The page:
Under California employment law, all employers have a legal obligation to pay employees the entire amount of wages they've earned and to pay these wages on time. Workers in California are protected to the full extent due to the state's expansive worker's rights, which cover various aspects of wage distribution. When you must be paid, what information must be provided with your paycheck, and wage and hour laws, are all covered by statutory laws.
So, can an employer pay you late in California? The simple answer is no. California labor laws require most workers to be paid a minimum of twice per month. If your employer makes you wait for a paycheck, the employer may be subject to instituted penalties that you'll be entitled to collect.
Penalties for Late Paychecks
For an employer to be charged with a penalty, the state will first determine if the company or organization has a valid reason for the delayed payment. For example, if the employer isn't technically at fault for the late payment, or if you failed to provide or incorrectly provided information that is necessary to get your check.
There are also exceptions applied for workers who earn commission, and for exempt employees -executive, administrative, and professional workers. But for everyone else, the rules dictate the following:
If an employer can't justify withholding your pay, it will be charged for a penalty of $100 for an initial violation, and an additional $200 for subsequent violations in accordance with labor laws (Labor Code Section 210). An employer may also be asked to pay additional fees on top of penalties in some situations. It's important to note that even if you and your employer are in a dispute about the amount of wages you're owed, the company is legally bound to pay the entire amount of wages to you on time to avoid penalties.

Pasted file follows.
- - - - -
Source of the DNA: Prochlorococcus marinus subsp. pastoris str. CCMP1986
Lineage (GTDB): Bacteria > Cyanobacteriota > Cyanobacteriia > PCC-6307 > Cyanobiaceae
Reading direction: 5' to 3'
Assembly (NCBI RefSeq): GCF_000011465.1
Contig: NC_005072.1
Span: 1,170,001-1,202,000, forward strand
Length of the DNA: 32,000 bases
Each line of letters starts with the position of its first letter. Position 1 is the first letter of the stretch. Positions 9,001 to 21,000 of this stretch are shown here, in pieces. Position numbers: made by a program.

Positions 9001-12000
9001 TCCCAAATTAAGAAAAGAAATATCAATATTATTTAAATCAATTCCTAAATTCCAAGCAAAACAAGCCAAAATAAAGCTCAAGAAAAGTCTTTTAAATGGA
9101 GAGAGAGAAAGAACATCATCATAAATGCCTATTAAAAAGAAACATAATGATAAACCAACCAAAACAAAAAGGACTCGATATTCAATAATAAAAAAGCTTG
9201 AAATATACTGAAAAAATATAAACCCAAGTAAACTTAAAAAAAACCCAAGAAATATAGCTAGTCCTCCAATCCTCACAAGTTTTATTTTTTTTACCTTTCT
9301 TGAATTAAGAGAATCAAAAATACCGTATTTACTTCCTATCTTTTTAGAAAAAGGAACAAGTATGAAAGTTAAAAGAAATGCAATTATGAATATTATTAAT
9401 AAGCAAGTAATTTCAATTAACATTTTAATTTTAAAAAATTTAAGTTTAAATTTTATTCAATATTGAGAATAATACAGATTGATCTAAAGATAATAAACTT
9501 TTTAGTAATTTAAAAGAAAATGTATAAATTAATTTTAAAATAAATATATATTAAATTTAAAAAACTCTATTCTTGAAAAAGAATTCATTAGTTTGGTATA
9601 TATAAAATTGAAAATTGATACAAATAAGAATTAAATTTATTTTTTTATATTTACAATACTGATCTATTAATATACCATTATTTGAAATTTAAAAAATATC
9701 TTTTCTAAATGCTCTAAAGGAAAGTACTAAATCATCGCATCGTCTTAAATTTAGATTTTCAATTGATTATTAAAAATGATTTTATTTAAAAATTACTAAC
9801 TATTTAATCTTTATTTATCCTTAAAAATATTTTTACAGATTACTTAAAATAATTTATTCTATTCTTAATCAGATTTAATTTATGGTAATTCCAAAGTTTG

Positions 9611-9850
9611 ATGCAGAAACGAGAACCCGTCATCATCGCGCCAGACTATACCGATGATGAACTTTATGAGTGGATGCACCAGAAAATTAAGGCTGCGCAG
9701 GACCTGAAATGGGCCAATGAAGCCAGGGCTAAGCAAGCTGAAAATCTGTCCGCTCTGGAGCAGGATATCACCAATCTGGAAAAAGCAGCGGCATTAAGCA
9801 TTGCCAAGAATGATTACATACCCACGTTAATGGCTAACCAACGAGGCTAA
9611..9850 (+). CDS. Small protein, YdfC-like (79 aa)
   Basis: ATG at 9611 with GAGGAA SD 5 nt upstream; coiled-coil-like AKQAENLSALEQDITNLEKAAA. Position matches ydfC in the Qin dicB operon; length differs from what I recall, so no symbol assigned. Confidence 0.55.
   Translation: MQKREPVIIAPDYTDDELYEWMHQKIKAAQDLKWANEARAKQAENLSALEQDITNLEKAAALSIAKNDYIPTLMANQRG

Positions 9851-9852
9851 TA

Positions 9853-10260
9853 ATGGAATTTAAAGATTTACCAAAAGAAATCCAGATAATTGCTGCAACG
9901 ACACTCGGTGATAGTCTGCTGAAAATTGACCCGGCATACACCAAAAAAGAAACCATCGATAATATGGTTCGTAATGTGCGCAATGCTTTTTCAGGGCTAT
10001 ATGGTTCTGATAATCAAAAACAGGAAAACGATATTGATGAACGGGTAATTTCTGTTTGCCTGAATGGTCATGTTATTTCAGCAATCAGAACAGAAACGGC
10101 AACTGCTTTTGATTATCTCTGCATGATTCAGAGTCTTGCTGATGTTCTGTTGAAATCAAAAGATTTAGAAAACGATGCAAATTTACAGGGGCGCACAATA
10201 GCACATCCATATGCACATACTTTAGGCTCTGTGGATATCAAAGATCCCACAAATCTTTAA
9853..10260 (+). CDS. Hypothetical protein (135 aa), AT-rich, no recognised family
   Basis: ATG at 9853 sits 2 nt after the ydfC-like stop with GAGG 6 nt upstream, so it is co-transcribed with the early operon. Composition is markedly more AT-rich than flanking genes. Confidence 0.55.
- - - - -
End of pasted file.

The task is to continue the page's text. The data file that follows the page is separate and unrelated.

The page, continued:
Employers are allotted a grace period for late overtime wages. A company won't be penalized if overtime pay is paid no later than the date of your next regular paycheck.
The majority of companies in California are adamant about issuing a final paycheck to workers either on the last day of employment or within the last week of employment. This is because withholding a final paycheck warrants a very harsh repercussion known as a “waiting time” penalty. This penalty could potentially amount to two pay periods worth of wages if a final paycheck is late.
The bottom line is, you have options when faced with a late paycheck. You have every right to seek damages for the pay that you are entitled to getting on time. If your check is being illegally withheld from you and aren't sure about your next steps, contact the California labor and employment law attorneys at Shouse Law Group today. You can reach us online or you can give us a call at 855-396-0370.